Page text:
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“The Reclamation” by Ashley C. Ford

Big Ma’am swung her hip into me so hard my jaw popped. I liked when she got that excited. Her eyes closed, palms high, and smile so wide it looked to be spreading her cheeks from one temple to the other. Her hair piled high on her head, and her skin shining like a black pearl in the moonlight, even in the day. She already took up half of any room she walked into, and when she danced, she claimed every other part that hadn’t been nailed down before she arrived. She grabbed my collar and shook her body at me, eyes still closed. She wasn’t trying to see me. She felt me there. This was good. A good sign.

Too many women in town claimed the name Big Mama, so Big Ma’am would have nothing to do with being called something so common. Not when she was who she was and could do what she could do, no Sir. She lived with her mama, moved her twenty-five years ago. Everyone seemed to know her immediately, though not where she came from or why she ended up here. Her mama was mean and didn’t like too many men around her. But Ma’am had a lot callers. None who stood the test of time.

You never knew a woman could feel a rhythm so good. That’s why we asked her to come see about us. That’s why anybody ever called her into the studio. “I’m not about to come see about any man, but I’ll walk six miles if you’re making good sound. Ten if you’ve got cool water when I get there.” Big Ma’am got real close to your face when she spoke to you cause her voice wasn’t too loud. She left loudness to the way she moved. You maybe had to take a few precautions when she was around (no liquor, no smoke, and nobody who’d ever been fool enough to break her heart), but it was all worth it. She knew good music, and for the right price, she’d let you know real quick whether or not you were making any.

We’d already had her in twice without so much as a toe-tap or a shuffling heel. Almost had to drag her here this time. Today was different. We had all the same musicians, but the singer was our seller, our gutter boy, though he was older than all of us. His voice was in his belly and his eyes were rimmed red from the strain of carrying it to the top of his throat, over his lips. He was a stranger to us all, had accidentally walked into the studio about a week ago. He didn’t talk too much but sang the way you got up to work in the morning after doing what you wanted to do all night: Mad.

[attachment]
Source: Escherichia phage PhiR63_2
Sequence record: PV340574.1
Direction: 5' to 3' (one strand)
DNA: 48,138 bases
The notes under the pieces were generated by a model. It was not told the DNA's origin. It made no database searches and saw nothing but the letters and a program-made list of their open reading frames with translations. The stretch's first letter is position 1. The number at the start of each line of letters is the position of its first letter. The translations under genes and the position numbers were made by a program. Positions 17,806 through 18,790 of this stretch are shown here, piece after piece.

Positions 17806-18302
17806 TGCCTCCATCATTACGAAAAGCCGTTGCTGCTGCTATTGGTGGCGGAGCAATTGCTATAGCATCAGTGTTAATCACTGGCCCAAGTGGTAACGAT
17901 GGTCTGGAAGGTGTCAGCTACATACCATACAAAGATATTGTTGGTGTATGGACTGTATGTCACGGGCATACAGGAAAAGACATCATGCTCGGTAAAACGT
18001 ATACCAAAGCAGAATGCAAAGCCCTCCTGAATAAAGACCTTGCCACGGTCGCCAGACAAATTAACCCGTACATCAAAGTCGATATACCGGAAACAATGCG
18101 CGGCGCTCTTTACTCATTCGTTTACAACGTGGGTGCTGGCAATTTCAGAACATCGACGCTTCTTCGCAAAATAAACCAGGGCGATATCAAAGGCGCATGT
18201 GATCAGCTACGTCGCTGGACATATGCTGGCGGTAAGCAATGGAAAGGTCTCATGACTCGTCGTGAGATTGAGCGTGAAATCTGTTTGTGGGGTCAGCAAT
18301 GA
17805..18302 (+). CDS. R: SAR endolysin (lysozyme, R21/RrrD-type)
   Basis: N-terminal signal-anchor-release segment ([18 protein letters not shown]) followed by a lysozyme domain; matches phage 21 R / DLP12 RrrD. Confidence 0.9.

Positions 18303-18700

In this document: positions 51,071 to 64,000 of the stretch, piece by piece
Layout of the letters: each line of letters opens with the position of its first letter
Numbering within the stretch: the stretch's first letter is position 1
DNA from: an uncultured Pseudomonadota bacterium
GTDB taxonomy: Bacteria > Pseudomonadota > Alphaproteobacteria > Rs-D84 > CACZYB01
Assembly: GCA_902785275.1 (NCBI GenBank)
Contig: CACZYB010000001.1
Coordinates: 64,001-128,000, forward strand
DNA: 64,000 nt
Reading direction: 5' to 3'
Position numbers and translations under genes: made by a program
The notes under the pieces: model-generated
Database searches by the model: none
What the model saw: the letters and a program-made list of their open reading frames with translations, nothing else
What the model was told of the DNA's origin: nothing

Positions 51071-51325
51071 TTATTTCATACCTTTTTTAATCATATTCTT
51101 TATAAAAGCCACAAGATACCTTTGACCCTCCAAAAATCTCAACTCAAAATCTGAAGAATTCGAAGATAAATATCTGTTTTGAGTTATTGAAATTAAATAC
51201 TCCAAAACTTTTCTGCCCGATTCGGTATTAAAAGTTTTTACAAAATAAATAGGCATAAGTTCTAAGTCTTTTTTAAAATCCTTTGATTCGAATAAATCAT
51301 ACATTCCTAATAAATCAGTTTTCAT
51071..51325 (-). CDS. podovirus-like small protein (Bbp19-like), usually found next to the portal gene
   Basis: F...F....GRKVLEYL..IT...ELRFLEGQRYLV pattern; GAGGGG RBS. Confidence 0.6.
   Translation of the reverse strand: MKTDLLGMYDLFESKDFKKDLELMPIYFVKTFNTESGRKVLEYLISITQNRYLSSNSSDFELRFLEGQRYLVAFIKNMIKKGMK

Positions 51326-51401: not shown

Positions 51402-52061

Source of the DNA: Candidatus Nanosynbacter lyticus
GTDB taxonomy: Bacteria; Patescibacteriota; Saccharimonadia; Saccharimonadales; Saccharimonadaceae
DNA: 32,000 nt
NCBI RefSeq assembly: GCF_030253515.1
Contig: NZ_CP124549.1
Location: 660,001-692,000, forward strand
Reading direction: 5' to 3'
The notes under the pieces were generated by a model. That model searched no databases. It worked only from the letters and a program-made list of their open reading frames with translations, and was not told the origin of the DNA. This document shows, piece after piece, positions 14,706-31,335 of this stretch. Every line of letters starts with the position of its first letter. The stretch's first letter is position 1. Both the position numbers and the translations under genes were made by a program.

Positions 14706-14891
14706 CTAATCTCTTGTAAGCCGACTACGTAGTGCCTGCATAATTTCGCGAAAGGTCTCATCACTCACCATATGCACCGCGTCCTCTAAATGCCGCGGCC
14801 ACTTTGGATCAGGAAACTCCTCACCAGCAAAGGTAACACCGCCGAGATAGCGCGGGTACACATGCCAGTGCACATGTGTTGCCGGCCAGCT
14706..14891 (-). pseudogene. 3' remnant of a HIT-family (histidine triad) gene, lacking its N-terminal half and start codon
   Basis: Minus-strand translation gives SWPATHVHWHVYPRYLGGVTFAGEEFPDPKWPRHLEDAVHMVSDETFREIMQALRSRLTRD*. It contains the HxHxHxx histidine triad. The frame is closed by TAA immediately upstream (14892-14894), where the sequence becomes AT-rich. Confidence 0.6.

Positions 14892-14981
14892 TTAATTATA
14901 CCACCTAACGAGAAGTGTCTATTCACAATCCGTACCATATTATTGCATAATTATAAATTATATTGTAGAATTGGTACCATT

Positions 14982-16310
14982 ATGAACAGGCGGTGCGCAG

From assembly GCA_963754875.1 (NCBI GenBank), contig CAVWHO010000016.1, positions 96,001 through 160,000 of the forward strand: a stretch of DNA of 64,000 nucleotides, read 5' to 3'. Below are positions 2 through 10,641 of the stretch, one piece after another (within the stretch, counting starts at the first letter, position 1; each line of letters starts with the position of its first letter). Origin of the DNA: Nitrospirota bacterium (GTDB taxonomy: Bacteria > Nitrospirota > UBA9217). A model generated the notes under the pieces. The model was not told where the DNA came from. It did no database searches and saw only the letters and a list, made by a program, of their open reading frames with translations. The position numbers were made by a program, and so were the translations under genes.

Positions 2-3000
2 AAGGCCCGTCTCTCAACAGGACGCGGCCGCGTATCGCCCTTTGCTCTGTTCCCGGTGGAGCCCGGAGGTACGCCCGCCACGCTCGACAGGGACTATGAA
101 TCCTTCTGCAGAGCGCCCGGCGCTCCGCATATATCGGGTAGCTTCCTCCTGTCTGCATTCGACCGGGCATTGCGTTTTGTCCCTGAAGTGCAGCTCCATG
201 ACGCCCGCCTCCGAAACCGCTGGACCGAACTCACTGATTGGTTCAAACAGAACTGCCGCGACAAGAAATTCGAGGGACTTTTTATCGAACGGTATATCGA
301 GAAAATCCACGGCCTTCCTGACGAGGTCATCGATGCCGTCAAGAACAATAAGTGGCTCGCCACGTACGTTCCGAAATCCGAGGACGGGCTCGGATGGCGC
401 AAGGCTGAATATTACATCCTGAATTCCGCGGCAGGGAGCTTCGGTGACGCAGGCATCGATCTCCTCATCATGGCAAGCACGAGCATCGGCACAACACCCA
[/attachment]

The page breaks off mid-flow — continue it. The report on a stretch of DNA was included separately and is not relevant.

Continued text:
We called him Jones, because he didn’t ever give us anything else to call him, and the way he made you feel when he was singing was like longing. It was like reaching for something on the other side of the world, and not being able to use your feet to go get it. Still, you kept on reaching because you knew it would be that good. You knew you had to have it.

***

Jones showed up about three weeks ago, right out of nowhere. He walked in right as all of us were ready to get gone from the studio, each other, the music. It just wasn’t poppin’ like it used to. Benny said his bass was too heavy to carry down the dirt road anymore. Jerry had a baby on the way and didn’t know how he was gonna keep beating his drum in a house with a newborn and a wife who wanted him home more anyhow. Frank only showed up to every other practice, and it got real tiresome tearing him away from drink at whatever bar we found him. We were losing the heart in our rhythm. Then, ol’ Jones showed up with a beating heart down his gullet, full of what we were missing, and aching to let it go.

“What would make a man sing like that?” For some reason, I felt like I had to know, even if I knew he wouldn’t answer me. He stared out the one window in the room, as he tended to do when we took breaks. We weren’t sure where he stayed when he wasn’t here, and somehow we really forgot to care. He always showed up right after we tuned every instrument, and left while we were breaking everything down. You couldn’t even catch him on the road. He wanted to keep to himself and we let him for fear of him walking out on us and taking his voice along. I wasn’t sure if the questions would bother him, but I had them. I went on,

“There has to be something that happens to a man, something that would keep all his words locked up inside him, the only way they can come out is in a song. A woman? Gotta be. It just damn gotta be a woman. Cause they the only thing in the whole damn world would leave a man this way. Not that there’s anything wrong with you. It just ain’t normal, see? Oh, we don’t mind. We like you just the same. Ain’t like you cause no trouble. But I’ve been wondering what it is. Why you don’t want to talk, but you sing like you’re trying to save somebody.”